Nurse calls reduce risk from gestational diabetes
Education is key to good outcomes
Women with gestational diabetes who received telephone-based management from a nurse had a lower risk of high birth weight for newborns in a study conducted by the Kaiser Permanente Northern California Division of Research.
The women who received the telephone coaching also were more likely to have postpartum glucose testing, which leads to earlier identification and management of risks for diabetes, says Assiamira Ferrara, MD, PhD, a research scientist and lead investigator for the study.
"The patients with the best outcomes were followed by their physician but had additional telephone consultation from nurses who educated them and coached them to check their glucose levels and follow their diet," she adds.
The investigators in the study analyzed the association between referral to telephone-based nurse consultations and adverse infant outcomes. They used data from Kaiser Permanente Northern California's gestational diabetes registry to identify women who had pregnancies complicated by gestational diabetes.
During the study period, 96% of pregnant women without pre-existing diabetes were screened for gestational diabetes. Of the 11,435 women identified, 44.5% were referred to the Kaiser Permanente Regional Perinatal Service Center, where nurses provide supplemental care through telephone counseling to women with high-risk pregnancies, including those with gestational diabetes. The program's call center is staffed by 32 registered nurses and two registered dieticians and offers phone counseling seven days a week to address blood glucose monitoring and control, diet and physical activity.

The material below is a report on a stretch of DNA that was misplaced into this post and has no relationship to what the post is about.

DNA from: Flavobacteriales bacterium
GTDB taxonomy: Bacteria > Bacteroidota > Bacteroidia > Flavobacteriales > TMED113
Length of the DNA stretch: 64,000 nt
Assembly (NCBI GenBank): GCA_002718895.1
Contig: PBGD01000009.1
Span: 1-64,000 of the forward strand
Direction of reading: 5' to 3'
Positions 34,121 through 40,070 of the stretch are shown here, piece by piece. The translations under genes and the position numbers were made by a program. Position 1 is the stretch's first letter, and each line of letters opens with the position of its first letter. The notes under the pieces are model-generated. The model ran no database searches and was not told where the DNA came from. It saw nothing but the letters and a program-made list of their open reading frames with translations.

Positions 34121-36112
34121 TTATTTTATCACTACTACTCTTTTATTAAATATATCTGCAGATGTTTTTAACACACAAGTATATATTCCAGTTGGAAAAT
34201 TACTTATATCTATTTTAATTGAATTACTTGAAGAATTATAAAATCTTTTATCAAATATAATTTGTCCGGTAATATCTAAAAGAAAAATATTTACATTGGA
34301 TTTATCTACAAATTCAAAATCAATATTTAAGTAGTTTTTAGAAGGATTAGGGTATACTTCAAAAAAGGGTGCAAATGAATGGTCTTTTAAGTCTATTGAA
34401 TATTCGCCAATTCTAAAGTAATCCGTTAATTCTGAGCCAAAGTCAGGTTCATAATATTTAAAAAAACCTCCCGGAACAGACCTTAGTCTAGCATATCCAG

Kaiser conducts the glucose tolerance test on pregnant women without pre-existing diabetes in the third trimester of pregnancy and refers women who have a positive result to their doctor for an additional visit as well as the nurse management program for telephone counseling. "Women are usually shocked when they get the diagnosis of gestational diabetes. The majority of the women are young, have normal weight, and have no idea they are at risk," Ferrara says.
The nurses at the center contact the women in the program two or three times a week, educating them about gestational diabetes and the importance of checking their glucose level every day after meals, Ferrara says. Participants in the program can call a toll-free number between 6 a.m. and 11 p.m. if they have questions or concerns.
Kaiser provides the women with a home glucose monitoring device. In addition, the center sends a laboratory slip for postpartum glucose testing and makes reminder calls to women who don't get the screening test.
"The first line of therapy is diet, and the nurses counsel the women on how to modify their diets to reduce their risk of elevated blood sugar," Ferrara says. If the glucose level doesn't reach normal levels after two weeks of following the diet suggested by the nurse, the nurse can initiate therapy with medication, she adds.
"Gestational diabetes can increase the risk of a premature delivery, babies with high birth weight, or low-weight babies. Keeping the blood glucose at normal levels results in healthier babies and lower healthcare costs," she says.